Interesting how the look of tuxedos changes over time. The same is true when it comes to the look of different marketing methods. Take SEO and content strategy, for example. Jason DeMers argues that content strategy is the “new SEO,” due in large part to how Google ranks sites. Case in point: the more outside links (or backlinks) from quality sites that go to your site, the higher your search ranking. A huge component of gaining backlinks is creating content people want to share. This is where a content strategy comes in. You need to understand what kind of content you’re creating and why you’re creating it. Then, you have to take the steps to continuously develop dynamic material for your audience. This isn’t to say you should ignore SEO; instead, try incorporating a content strategy in addition to your keyword strategy.

There are plenty of lists on what goes into a content strategy, and we’d like to do the same here, albeit differently, using elements of a tuxedo to give us visual references for developing a quality strategy. Trust us, it works.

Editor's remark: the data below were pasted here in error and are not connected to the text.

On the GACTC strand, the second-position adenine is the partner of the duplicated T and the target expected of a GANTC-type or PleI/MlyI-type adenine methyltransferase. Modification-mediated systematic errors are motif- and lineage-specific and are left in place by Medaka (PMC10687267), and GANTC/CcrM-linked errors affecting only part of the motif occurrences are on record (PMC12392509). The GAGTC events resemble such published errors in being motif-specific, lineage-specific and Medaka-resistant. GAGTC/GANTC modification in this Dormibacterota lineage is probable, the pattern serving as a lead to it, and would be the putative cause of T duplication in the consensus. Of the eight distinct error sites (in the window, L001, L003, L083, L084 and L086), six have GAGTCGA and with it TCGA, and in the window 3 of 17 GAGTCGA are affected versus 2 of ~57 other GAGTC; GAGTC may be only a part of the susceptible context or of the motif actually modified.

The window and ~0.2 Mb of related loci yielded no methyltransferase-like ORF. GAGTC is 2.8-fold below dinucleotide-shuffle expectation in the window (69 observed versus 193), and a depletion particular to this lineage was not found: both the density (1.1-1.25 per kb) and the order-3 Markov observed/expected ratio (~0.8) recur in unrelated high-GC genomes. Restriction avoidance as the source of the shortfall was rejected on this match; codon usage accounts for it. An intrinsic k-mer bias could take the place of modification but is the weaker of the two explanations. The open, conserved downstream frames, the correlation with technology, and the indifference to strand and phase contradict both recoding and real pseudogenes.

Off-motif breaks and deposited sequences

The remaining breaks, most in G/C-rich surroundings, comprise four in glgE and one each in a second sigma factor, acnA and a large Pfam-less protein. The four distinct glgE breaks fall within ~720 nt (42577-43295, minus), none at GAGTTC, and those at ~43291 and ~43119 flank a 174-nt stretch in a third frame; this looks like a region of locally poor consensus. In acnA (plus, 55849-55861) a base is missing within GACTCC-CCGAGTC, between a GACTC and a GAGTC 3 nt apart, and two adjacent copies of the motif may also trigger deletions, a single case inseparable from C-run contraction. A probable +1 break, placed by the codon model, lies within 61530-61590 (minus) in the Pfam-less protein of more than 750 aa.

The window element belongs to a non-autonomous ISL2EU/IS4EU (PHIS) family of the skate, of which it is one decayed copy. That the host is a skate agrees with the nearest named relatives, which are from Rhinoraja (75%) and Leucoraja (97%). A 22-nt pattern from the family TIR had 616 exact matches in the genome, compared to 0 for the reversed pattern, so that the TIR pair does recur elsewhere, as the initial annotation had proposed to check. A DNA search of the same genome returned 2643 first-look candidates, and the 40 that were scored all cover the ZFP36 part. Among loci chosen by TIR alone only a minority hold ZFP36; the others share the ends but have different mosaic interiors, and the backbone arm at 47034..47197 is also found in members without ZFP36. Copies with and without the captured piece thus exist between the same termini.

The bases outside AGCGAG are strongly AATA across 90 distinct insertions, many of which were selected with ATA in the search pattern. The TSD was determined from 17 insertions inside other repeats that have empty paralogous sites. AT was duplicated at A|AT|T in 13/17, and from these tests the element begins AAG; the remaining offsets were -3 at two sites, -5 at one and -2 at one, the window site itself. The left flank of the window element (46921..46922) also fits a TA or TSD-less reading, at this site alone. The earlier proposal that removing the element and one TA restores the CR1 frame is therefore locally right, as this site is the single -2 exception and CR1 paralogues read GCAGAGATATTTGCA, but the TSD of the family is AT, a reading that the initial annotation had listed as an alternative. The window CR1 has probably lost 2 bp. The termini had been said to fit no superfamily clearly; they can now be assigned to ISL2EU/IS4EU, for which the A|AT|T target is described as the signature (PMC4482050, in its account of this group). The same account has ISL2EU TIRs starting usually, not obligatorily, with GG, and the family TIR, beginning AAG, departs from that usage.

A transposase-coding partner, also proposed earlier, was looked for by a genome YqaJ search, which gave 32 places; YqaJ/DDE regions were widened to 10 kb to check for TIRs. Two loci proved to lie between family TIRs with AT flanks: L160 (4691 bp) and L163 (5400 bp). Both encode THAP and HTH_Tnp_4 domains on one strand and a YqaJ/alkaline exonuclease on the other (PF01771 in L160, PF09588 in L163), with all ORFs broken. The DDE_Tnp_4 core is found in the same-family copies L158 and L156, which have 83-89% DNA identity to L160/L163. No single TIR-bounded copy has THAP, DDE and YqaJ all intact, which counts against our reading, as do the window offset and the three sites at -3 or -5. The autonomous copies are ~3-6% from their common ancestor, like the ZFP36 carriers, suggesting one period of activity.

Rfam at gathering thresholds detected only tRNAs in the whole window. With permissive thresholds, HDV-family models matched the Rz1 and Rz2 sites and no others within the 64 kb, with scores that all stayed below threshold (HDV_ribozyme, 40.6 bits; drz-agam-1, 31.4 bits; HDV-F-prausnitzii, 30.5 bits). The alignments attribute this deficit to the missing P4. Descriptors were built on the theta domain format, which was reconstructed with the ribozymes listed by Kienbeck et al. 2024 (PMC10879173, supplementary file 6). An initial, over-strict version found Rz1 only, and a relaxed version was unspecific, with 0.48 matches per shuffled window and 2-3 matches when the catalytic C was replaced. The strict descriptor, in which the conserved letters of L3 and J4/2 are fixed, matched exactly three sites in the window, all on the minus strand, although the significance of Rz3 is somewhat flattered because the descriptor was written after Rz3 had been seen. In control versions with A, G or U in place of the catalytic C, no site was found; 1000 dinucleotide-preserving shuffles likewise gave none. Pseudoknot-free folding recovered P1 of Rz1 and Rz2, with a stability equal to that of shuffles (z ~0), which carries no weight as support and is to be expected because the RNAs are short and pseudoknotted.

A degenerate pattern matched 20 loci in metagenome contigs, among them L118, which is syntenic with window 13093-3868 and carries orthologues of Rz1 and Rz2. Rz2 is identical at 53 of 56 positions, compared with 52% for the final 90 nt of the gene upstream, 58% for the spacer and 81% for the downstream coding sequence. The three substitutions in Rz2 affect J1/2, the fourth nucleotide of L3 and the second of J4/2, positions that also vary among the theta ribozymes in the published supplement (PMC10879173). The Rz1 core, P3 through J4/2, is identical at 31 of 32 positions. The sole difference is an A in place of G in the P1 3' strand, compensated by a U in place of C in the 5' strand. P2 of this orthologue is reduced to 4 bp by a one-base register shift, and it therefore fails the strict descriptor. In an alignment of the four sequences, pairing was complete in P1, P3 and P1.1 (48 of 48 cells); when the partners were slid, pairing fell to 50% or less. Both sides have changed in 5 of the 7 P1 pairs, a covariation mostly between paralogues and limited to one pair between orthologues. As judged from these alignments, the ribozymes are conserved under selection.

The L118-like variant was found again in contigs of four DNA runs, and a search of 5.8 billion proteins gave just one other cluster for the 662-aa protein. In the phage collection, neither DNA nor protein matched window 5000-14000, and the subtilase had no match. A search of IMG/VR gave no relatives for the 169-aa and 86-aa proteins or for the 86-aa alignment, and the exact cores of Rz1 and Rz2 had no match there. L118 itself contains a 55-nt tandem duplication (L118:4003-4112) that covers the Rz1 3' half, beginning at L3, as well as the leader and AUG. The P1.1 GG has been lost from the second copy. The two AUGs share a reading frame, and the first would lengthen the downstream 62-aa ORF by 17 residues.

Let’s look at three things that can be part of a tuxedo and how they can relate to a content strategy:


Tie your posts back to previous posts when possible. Make sure each new development to your site ties into—and flows with—the context of your site.


Invest in your market. Keep them in mind each time you plan on creating something new. Understand what they want and do your best to give it to them. Know what questions they’re likely to ask, and do your best to provide the answers. Also, create content that encourages interaction, so you can continue to build relationships with them.

Links (or Cufflinks).

Examine your site’s links. What kind of material are you linking to? Why do you link to it? Try to create the same quality content you have posted links to; make content worth sharing.

Content strategy is quickly growing in popularity among marketers, and it can certainly make a marketing plan look snazzy. Developing a strategy is not easy, it’s not quick, but—like a tuxedo—it can be impressive.

Mixed Digital Asks: Can you think of any other parts of a tuxedo that could relate to a content strategy?

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